How Socioeconomic Status Can Impact Kids’ Eye Health

Research is showing that insurance isn’t the only key factor in whether or not children are getting proper eye care. The University of Michigan conducted a study that examines the relationship between kids’ eye health and the socioeconomic status of their families. It shows that children from less affluent homes are less likely to be diagnosed with dangerous eye conditions before they permanently impact vision.

University of Michigan Study

Researchers looked at commercial health insurance data for almost 900,000 children up to age 14. Based on insurance claims, the study examined the frequency of optometrist and ophthalmologist visits between 2001 and 2014, along with the rates of diagnosis for amblyopia (lazy eye) and strabismus (crossed eyes).

Importance of Early Diagnosis

These conditions are important to diagnose early, as they can pose serious risks. With these conditions, each eye sees differently. This causes the brain to suppress vision in one eye. Research shows that permanent vision loss can result if the conditions aren’t corrected by the time kids are 10 years old.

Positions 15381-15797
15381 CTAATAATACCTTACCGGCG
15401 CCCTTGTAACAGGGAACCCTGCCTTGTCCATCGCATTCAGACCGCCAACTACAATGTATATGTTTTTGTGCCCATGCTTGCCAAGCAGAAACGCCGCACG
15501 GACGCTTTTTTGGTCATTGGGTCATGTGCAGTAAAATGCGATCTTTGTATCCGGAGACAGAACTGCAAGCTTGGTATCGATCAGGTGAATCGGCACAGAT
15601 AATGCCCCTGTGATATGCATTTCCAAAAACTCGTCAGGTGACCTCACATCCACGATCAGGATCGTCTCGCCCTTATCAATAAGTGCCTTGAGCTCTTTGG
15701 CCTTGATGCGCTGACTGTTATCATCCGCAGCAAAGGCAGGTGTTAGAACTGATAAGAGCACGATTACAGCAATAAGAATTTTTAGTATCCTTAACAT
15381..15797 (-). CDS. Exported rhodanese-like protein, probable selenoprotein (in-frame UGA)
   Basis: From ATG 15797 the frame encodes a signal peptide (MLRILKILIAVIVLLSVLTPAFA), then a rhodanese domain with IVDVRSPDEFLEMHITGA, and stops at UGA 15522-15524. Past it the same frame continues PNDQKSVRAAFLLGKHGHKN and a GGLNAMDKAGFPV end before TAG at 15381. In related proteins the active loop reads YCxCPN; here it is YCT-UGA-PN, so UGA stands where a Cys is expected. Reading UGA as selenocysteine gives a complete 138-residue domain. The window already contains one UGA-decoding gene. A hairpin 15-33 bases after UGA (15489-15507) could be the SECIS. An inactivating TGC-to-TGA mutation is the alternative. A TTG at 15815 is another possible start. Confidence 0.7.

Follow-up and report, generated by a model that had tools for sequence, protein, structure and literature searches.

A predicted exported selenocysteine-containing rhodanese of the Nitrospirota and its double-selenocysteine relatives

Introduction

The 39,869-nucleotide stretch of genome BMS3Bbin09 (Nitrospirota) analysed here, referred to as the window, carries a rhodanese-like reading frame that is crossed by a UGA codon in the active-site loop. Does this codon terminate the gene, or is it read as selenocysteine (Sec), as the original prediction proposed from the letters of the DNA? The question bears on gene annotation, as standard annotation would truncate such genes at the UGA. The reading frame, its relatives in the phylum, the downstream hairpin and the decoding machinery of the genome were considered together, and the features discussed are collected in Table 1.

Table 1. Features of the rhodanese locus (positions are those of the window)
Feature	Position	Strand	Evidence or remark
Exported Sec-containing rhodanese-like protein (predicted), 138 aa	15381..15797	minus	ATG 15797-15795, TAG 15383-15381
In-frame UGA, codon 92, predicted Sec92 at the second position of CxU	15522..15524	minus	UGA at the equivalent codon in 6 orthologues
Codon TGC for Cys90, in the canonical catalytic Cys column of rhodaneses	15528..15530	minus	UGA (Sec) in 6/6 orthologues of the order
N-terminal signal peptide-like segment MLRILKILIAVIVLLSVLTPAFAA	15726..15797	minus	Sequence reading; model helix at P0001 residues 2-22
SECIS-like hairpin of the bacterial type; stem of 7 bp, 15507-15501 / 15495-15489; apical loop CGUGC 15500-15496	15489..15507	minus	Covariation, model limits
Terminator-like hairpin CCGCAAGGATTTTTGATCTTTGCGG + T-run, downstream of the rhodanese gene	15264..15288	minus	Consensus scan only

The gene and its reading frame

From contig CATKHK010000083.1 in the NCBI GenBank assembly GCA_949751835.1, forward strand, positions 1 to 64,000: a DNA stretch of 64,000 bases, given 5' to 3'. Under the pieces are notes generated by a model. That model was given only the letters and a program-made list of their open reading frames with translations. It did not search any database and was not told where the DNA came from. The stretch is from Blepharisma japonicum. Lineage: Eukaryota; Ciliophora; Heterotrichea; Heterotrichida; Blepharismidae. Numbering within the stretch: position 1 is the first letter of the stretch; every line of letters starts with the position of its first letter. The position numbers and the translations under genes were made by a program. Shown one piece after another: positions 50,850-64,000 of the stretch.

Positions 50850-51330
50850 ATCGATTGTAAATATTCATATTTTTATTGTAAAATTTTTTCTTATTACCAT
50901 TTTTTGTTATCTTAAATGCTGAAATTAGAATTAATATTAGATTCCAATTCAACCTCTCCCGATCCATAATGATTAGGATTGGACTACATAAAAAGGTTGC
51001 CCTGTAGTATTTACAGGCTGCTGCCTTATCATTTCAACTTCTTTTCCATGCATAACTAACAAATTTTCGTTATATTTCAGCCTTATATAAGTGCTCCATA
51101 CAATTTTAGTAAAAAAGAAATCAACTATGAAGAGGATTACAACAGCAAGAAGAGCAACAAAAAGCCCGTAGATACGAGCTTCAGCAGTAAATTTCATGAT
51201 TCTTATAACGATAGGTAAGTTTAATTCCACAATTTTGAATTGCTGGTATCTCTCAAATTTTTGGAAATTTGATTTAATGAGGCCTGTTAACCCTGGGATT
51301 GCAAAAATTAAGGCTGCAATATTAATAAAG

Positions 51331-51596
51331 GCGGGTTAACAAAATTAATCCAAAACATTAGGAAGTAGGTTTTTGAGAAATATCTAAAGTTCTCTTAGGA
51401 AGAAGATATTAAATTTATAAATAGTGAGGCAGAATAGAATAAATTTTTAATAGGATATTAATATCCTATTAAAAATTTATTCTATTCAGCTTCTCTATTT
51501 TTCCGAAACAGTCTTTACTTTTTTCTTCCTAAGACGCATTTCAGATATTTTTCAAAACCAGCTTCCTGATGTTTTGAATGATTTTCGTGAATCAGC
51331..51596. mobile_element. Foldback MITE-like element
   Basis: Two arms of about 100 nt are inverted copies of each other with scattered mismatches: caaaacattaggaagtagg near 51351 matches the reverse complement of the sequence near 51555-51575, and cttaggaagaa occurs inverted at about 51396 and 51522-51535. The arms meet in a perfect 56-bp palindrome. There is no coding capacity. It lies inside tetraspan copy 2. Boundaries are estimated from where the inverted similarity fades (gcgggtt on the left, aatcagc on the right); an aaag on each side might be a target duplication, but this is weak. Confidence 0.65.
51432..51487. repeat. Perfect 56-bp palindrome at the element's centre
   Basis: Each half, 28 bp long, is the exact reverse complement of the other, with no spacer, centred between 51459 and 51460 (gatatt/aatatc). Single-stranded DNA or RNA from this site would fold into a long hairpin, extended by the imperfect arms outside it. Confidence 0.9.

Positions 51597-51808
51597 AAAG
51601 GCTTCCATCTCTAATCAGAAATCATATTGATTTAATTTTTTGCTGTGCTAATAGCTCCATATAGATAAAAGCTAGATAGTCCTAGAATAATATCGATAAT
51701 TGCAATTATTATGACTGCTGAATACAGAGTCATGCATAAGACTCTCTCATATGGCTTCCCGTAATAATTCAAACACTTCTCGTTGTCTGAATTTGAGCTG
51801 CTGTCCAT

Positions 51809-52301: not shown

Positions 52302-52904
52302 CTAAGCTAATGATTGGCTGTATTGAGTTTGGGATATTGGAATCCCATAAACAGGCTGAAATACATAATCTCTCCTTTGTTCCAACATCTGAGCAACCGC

Socioeconomic Status and Diagnosis Rates

The study, which was published in the August 2016 issue of Health Affairs, shows that kids in families of the lowest net worth bracket (under $25,000 per year) visited an eye care professional 16% less frequently than kids who were in the middle-income group of $150,000 to $250,000 per year. Furthermore, kids in the highest bracket (more than $500,000) visited the eye doctor 19% more than the middle-income category.

Missed Eye Health Opportunities

As one can assume, eye care visits are strongly correlated to diagnosis of abnormal eye conditions, a result which this study confirmed. Overall, researchers estimate that roughly 12,800 lower-income children didn’t receive a needed strabismus diagnosis. Likewise for amblyopia cases, in which an estimated 5,400 cases went undiagnosed.

Theories for the Discrepancy

So if these families all have insurance, what’s causing the differences? Experts suggest that lower-income families face more obstacles than their more affluent counterparts. For example, lower-income parents and guardians may have transportation issues to and from the eye care office, in addition to potential issues taking time off work to take their children. Eye care providers may also be sparser in lower-income neighborhoods.

Regular Visits, Better Outcomes

The importance of regular eye care visits are often overlooked by individuals and families across all levels on the socioeconomic spectrum. When possible, we urge our readers to place special attention on making sure that their children are growing healthily and safely, with confirmation from a professional.